The Warriors’ Championship Glow Is Gone. And Yet …

Before traveling to Milwaukee for their game against the Bucks on Friday afternoon, the Golden State Warriors spent four nights in New Y...


Before traveling to Milwaukee for their game against the Bucks on Friday afternoon, the Golden State Warriors spent four nights in New York.

Ordinarily, staying in the city would be a nice perk for an N.B.A. team on the road. But these are strange, challenging times, and the Warriors, in adhering to the league’s coronavirus protocols, did not venture beyond their hotel other than to head to practice and get walloped by the Nets on Tuesday in their season opener at Barclays Center.

Coach Steve Kerr tried to set a good example for his players. On Wednesday night, he called his son Nick, one of the team’s lead video coordinators, who was holed up in a nearby room at the team hotel: Did he want to get together to order some room service and watch a game on television?

“And he said, ‘It’s probably not a good idea,’” Kerr recalled Nick telling him. “And I said: ‘Oh, yeah. You’re right.’ Even though we’re getting tested and we’re together every day, the more we can be on our own, the better. It’s not a fun way to live, but it’s the smart thing to do.”

The Warriors’ challenges are not unique. Every team is dealing with the same circumstances. But few teams outside of Houston have had a rougher time so far.

Golden State’s illustrious, not-so-distant past is fading a bit by the day. It is far too early to make any generalizations or draw any dire conclusions. But: Yikes! Two games, two blowout losses for a team that seems bound for several more months of growing pains.

“We need to win,” the Warriors’ Stephen Curry said after their 138-99 loss to the Bucks. “Immediately.”

It got so bad for the Warriors on Friday that Antetokounmpo was dunking on them in the fourth quarter — but not Giannis. Thanasis Antetokounmpo, the two-time most valuable player’s older brother, got minutes for the Bucks in garbage time as their lead mushroomed.

Kerr said he was most frustrated that the Warriors were coming off two days of solid practice before they took the court and “did not execute much of anything.”

“We’re just scattered right now,” Kerr said. “Just feels like we’re a series of moving parts.”

It has been a nightmare start for two players who will go a long way toward dictating whether the Warriors are a playoff team. Kelly Oubre Jr., whom they acquired in a trade after Klay Thompson was lost to injury for the second straight season, has missed all 11 of his 3-point attempts. And Andrew Wiggins has shot 10 of 34 from the field to start his first full season with the Warriors.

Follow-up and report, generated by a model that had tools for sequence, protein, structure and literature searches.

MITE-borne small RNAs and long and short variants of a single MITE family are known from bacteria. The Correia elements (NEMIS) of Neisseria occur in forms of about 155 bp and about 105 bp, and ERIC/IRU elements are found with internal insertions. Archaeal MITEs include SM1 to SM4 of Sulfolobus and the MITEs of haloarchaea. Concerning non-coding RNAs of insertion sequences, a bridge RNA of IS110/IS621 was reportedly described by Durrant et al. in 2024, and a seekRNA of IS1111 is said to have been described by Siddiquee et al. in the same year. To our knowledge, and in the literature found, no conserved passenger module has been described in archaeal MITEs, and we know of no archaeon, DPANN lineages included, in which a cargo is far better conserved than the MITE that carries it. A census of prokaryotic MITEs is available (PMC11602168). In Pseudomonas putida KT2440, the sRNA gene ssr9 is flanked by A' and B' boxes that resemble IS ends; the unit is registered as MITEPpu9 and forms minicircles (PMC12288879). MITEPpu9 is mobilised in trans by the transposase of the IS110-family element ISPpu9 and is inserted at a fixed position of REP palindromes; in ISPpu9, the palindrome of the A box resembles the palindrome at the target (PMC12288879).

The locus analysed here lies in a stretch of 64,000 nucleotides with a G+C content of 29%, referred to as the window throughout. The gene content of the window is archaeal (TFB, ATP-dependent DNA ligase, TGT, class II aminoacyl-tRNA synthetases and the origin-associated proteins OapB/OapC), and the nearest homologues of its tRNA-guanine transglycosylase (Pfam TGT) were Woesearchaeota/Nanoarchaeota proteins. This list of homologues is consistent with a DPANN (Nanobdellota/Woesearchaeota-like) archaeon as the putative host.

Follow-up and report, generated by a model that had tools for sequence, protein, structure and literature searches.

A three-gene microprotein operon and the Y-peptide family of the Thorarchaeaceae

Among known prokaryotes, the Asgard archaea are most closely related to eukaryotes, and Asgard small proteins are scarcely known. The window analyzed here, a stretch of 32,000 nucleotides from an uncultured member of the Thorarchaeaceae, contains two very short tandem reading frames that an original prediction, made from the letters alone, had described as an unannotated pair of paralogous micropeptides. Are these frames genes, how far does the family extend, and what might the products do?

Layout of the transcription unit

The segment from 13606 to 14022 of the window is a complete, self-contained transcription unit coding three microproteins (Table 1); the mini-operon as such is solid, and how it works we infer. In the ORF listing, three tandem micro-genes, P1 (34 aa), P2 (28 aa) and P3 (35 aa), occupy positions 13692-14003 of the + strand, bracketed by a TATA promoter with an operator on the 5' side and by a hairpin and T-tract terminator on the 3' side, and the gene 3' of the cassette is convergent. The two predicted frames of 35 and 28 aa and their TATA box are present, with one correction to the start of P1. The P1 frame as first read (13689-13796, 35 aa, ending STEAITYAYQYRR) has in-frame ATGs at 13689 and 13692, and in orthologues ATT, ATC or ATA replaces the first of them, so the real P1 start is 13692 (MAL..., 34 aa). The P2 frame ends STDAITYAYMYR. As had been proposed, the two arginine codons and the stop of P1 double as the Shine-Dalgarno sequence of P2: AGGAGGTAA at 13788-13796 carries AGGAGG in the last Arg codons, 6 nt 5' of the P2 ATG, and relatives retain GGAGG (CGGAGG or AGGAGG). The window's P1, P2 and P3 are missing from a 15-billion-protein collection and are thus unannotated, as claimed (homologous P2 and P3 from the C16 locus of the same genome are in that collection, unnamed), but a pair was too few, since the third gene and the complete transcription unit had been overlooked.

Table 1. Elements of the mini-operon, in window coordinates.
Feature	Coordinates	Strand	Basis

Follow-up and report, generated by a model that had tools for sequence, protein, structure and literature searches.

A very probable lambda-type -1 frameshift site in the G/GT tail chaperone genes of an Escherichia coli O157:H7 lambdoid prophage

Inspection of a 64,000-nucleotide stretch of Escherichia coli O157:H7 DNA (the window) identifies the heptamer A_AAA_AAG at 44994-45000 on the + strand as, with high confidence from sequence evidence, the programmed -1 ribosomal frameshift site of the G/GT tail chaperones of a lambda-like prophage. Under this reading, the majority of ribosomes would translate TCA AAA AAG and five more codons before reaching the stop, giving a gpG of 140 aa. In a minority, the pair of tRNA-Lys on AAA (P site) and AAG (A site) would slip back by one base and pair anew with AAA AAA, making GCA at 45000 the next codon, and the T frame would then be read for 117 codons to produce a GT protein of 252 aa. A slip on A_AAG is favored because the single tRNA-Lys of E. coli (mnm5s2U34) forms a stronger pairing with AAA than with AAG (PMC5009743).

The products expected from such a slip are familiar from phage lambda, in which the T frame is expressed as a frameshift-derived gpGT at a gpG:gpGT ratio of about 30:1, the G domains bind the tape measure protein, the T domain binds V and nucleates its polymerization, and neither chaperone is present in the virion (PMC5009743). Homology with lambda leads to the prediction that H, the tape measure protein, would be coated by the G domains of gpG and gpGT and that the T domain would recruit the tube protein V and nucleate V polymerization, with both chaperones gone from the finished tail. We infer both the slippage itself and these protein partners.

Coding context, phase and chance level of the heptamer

“It’ll shake out over time,” Kerr said. “Kelly will be fine. Andrew will be fine. Both guys are proven players in this league.”

The N.B.A. schedule makers did not do the Warriors any favors: two championship contenders on the road to christen the season, back to back. Before Thompson was lost for the season, both games figured to be marquee matchups. But the Warriors are not the same without Thompson, which is obvious but ought to be emphasized.

Draymond Green, the other core member of the Warriors’ championship years, has yet to make his first appearance because of a foot injury. On Friday, Green was in street clothes and a mask, jumping off the bench to share his wisdom with James Wiseman, the team’s first-year center, about defensive positioning. Wiseman has been one of the team’s bright spots, averaging 18.5 points and 7 rebounds while shooting 50 percent from the field. He went 3 of 4 from 3-point range against the Bucks.

“The game is starting to slow down for me,” Wiseman said, which is saying a lot considering he is two games into his career.

Kerr suggested that Green could be in the starting lineup when the Warriors visit the Chicago Bulls on Sunday. And the Bulls are neither the Nets nor the Bucks, so perhaps a trip to Chicago will provide a more realistic measure of the Warriors’ place in the N.B.A. ecosystem this season.

Even so, the first two games have offered a grim reminder that these are not the Warriors who made five straight trips to the N.B.A. finals between 2014-15 and 2018-19, coming away with three championships. These are not the Warriors who won 24 straight games to start the 2015-16 season, or finished that season with a 73-9 record — the best in N.B.A. history.

No, these Warriors have won 15 games in the 561 days since they last appeared in the finals. Only five players remain from that team. Injuries and roster turnover have taken an enormous toll. Last season, they hobbled to the worst record in the league without Thompson and Curry (who missed all but five games with a broken hand).

On Friday, Curry — one of the few threads that ties this team to its title runs — was asked how he would address his younger teammates.

“This year is different,” he said, “and to not feel any pressure about the Warriors teams of the past. We obviously have that championship DNA and we understand there’s expectations around our organization, and that’s what we want. But this year is different. It’s a new group of guys. We would love to have played better over these last two games, but that’s not going to define our season.”

There is some cause for optimism. The schedule will loosen up. Green will be in uniform. And Oubre will presumably make a 3-pointer at some point in the near future. There is also the long view: Thompson is rehabbing (again) in hopes of playing next season.

But right now, his return feels about as far away as the team’s championships do.



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Newsrust: The Warriors’ Championship Glow Is Gone. And Yet …
The Warriors’ Championship Glow Is Gone. And Yet …
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